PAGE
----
Grant: $222,920 - National Institutes of Health - Sep. 17, 2009
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Award Description: Hepatocellular carcinoma (HCC) has been correlated with specific p53 mutations and exposure to aflatoxin B1 (AFB1). Individual response to liver carcinogens shows great variability. High risk factors include chronic infection with hepatitis B (HBV) and C viruses (HCV), while additional risk factors include exposure to tobacco smoke. Cytochrome P450 genes, such as CYP1A1, CYP1A2, CYP3A4, and CYP3A5 encode proteins that activate potent liver carcinogens into genotoxic epoxides. Heterocyclic aromatic amines (HAs) require additional activation by N,O-acetyltransferase (NAT2). Specific cytochrome P450 polymorphisms and NAT2 polymorphisms contribute to risk of specific cancers, such as breast, pancreatic and colon. However, determining the risk of P450 and NAT polymorphisms in HCC is complicated by many modifying factors that can lead to detoxification of metabolites. To determine whether P450 polymorphisms per se are sufficient to increase the genotoxicity of carcinogens, we have expressed the P450 genes in Saccharomyces cerevisiae (yeast), which lacks the detoxification enzymes. We previously observed that expression of specific P450 genes in yeast is sufficient to stimulate carcinogen-associated mutation and recombination, the transcriptional induction of DNA repair genes after AFB1 exposure, and AFB1-associated activation of the checkpoint gene Rad53 (CHK2). We propose to further screen CYP1A1, CYP1A2, CYP3A4 and CYP3A5 polymorphisms that are associated with increased cancer risk. In the first specific aim, we will determine whether a subset of CYP1A1 and CYP1A2 polymorphisms affect frequencies of genetic recombination and mutation and the DNA damage response to AFB1 and liver carcinogens. In the second specific aim, we will determine whether CYP1A2 and NAT2 polymorphisms affect the metabolic activation of HAs in yeast. In the third specific aim, we will develop an expression system for CYP3A4 and CYP3A5 in yeast that will enable us to detect metabolic activation of carcinogens mediated by CYP3A3 and CYP3A5 polymorphisms. These studies will thus provide a new strategy for determining the potential risk of cytochrome P450 polymorphisms in liver cancer. Ultimately, the information will aid public health practitioners and clinicians to identify which individuals are at highest risk for liver cancer, and guide prevention and early detection efforts.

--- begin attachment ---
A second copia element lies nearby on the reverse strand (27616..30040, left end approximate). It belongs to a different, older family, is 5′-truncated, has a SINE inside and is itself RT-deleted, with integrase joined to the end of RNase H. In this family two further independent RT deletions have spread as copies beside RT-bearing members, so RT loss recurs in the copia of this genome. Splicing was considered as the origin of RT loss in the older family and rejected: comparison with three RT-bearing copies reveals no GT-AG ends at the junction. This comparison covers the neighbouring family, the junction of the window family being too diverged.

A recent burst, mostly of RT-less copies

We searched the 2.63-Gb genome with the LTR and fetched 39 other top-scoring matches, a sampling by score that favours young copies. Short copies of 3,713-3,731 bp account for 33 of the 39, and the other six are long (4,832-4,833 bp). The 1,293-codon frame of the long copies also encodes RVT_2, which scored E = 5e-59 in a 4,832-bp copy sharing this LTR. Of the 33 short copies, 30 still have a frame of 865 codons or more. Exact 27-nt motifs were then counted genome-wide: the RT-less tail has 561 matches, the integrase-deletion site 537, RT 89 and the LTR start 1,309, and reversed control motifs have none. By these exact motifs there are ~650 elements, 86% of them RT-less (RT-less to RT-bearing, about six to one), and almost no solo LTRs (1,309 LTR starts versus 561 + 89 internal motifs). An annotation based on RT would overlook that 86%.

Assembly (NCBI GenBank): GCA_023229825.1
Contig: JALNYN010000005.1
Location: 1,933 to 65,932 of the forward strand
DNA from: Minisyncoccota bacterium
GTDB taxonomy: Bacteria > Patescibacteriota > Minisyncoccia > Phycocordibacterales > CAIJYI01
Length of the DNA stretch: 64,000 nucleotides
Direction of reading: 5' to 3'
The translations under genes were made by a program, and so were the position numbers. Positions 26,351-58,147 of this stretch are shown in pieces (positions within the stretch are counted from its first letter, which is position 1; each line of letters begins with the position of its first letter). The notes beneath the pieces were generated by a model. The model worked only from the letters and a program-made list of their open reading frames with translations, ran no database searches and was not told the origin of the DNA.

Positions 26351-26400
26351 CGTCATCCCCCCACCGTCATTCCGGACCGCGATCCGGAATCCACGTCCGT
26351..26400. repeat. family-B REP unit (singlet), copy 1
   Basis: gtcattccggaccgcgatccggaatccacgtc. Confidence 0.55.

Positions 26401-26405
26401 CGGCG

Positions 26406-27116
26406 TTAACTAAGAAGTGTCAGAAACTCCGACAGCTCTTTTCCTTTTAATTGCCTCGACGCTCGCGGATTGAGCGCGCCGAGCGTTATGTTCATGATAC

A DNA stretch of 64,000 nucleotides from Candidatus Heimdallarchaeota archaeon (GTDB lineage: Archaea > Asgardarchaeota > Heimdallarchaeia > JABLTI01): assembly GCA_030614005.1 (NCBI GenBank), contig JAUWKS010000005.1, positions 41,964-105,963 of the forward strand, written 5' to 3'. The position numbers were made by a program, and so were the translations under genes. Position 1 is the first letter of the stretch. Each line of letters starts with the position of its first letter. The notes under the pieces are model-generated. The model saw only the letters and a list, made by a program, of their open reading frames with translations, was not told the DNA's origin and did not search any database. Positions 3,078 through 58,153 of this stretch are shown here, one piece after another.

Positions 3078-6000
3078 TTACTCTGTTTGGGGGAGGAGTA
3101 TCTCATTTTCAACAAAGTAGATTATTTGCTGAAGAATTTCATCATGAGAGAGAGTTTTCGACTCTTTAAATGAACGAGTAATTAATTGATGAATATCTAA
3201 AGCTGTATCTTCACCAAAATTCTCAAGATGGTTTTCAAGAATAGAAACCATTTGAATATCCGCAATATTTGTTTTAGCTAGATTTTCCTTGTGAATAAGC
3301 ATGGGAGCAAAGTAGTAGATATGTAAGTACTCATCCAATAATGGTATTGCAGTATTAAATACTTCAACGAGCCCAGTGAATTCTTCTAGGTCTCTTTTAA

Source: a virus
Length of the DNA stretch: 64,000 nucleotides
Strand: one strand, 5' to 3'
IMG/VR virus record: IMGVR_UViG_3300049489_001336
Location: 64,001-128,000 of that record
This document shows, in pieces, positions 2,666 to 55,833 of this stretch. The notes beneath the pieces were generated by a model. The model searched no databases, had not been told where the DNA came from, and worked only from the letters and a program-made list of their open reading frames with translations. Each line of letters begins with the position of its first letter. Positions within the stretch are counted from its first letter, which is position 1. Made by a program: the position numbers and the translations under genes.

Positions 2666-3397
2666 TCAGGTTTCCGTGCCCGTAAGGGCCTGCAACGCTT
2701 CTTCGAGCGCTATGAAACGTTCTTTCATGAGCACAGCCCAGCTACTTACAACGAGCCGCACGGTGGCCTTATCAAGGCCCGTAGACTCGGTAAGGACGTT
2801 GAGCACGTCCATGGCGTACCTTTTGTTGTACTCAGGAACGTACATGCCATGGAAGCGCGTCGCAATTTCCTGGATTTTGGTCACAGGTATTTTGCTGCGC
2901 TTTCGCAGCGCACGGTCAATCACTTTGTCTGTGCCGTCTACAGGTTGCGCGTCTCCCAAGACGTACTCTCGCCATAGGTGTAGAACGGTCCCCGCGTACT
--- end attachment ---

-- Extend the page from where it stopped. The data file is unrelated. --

Project Description: The grant has just been awarded and we are currently in the process of hiring.
Jobs Summary: Research Technician II (Total jobs reported: 0)
Project Status: Not Started
This award's data was last updated on Sep. 17, 2009. Help expand these official descriptions using the wiki below.